What are you reading? Recognition, Happy Birthdays and Congratulations!



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What are you reading?

Recognition, Happy Birthdays and Congratulations!

Addiction Issues? Is your cell phone in your backpack?

Tuesday puns

  • A grenade thrown into a kitchen in France would result in Linoleum Blownapart.
  •  
  • Two silk worms had a race. They ended up in a tie.
  •  
  • A hole has been found in the nudist camp wall. The police are looking into it.
  •  
  • Time flies like an arrow. Fruit flies like a banana.
  •  
  • Atheism is a non-prophet organization.
  •  
  • Two hats were hanging on a hat rack in the hallway. One hat said to the other, ‘You stay here; I’ll go on a head.’

AP Language and Composition It’s Tuesday, 24 October 2017

  • Time will pass; will you? 39 school days remain in the fall semester.
  • Today’s Objectives:
    • Students will:
      • Understand the tenets, techniques and purpose of a juvenilian satire.

Housekeeping

  • Ms. Trent is asking if the English department can help the band as they seek volunteers for a huge event on campus November 4. HHS is hosting the state marching festival, and 40 bands will be visiting HHS from 7:00 AM – 10:00 PM. Band members, parents, and friends are volunteering with different tasks throughout the day. If you need volunteer hours and want to support the Hamilton Band at the State Marching Festival on November 4th, you can pick the hours that work for you. Contact HamiltonBandFestivalVolunteers@gmail.com for a link to sign up.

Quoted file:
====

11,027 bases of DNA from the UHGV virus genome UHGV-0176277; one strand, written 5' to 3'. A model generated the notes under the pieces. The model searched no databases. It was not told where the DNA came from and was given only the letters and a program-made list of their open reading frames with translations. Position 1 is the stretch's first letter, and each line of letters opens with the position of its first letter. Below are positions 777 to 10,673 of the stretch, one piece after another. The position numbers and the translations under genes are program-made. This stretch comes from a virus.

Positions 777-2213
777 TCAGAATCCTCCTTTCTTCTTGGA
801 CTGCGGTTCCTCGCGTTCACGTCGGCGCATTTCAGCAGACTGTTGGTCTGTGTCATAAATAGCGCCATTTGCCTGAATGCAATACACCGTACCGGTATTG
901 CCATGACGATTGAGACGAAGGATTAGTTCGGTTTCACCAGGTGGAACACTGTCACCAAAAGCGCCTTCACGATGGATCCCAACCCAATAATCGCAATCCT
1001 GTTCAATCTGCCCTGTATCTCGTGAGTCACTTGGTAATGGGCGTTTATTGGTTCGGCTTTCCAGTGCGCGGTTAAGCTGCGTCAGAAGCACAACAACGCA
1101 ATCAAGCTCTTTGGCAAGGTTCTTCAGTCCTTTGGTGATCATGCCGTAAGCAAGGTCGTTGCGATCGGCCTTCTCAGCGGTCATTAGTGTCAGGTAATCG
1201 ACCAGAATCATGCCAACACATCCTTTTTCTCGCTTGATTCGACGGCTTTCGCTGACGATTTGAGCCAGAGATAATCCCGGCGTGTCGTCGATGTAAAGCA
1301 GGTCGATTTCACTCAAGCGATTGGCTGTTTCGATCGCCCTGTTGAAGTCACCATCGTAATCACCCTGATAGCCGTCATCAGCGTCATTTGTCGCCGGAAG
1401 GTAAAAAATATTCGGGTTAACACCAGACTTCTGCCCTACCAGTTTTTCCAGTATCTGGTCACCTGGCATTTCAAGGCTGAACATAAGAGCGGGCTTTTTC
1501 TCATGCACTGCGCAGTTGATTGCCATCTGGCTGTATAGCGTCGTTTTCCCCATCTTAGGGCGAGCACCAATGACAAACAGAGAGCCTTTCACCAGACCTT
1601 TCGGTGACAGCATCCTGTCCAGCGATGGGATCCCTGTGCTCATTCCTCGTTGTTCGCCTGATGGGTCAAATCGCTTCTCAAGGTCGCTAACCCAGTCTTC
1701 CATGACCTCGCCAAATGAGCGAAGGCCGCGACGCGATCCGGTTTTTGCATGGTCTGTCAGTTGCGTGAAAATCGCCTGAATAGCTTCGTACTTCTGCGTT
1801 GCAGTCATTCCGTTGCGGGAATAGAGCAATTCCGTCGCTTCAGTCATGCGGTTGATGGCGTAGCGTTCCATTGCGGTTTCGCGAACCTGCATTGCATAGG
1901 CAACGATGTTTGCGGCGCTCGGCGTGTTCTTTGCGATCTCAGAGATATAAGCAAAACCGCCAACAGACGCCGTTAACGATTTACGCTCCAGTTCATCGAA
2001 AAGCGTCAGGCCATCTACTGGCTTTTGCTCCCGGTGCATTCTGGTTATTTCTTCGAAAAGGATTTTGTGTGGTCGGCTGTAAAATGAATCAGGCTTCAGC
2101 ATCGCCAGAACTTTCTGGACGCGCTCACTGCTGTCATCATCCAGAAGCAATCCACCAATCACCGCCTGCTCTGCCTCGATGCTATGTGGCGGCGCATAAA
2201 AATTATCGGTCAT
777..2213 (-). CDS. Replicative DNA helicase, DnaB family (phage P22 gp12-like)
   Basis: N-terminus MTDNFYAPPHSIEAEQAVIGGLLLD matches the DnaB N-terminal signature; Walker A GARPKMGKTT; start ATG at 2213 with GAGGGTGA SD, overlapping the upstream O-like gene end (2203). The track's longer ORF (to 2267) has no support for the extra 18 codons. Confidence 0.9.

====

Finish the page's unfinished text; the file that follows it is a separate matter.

• Competitive Submissions/Active Writing contests (posted on the class website): 4
  • Keep abreast of the Daily Course Calendar. This is a fluid document…
    • Last updated October 20

Housekeeping

  • How we’ll handle Huck Finn
    • Research the controversy, and be prepared for a discussion on Monday, 11/20
    • Permission slips are due Monday
  • Satire your way
  • About those annotated bibliographies
    • Where has all the credibility gone?

Coming Due—do not squander time—that’s the stuff life’s made of!

    • Tomorrow:
      • Mitford’s “Behind the Formaldehyde Curtain”
    • Monday:
      • Huck Finn permission slips
      • Vocab Log #4
      • Annotated Bibs # 5-7
        • —tii upload is required —please upload these as three separate documents: #5, #6 and #7
  • Note on time management:
    • You should be spending 3-5 hours a week on research.
    • You should be completing the vocab/grammar assessment as the lessons and logs are completed.

Today’s Class: Understanding the tenets, techniques and purpose of a juvenilian satire.

  • Jessica Mitford’s “Behind the Formaldehyde Curtain”
    • Reading and analysis: “Behind the Formaldehyde Curtain”
      • Read and annotate the text closely—pay particular attention to Mitford’s word choices and use of the industry’s own words.
      • Work with your group to take notes on your questions (even or odd). Bring your fully developed, word-processed, answers in tomorrow, and be prepared to discuss the text.

Today’s Class Objective: Students will review the standards for credible research.

  • Class Website
    • Reviewing CARS—your “bible” for research
      • The CARS Checklist for Research (Credibility, Accuracy, Reasonableness, Support)
  • Be SAFE when you research—look for Statistics, Anecdotes, Facts and Expert Opinions
  • Check your Works Cited entries at OWL—the On-line Writing Lab at Purdue

Whose idea was this rhetoric thing?

  • Socrates: 469-399 B.C.E.
    • Father of Western philosophy and Mentor to Plato. Epistemology and logic.
  • Plato: 424-348 B.C.E.
    • Student of Socrates and founder of “The Academy” Philosophy, logic, ethics, rhetoric and mathematics.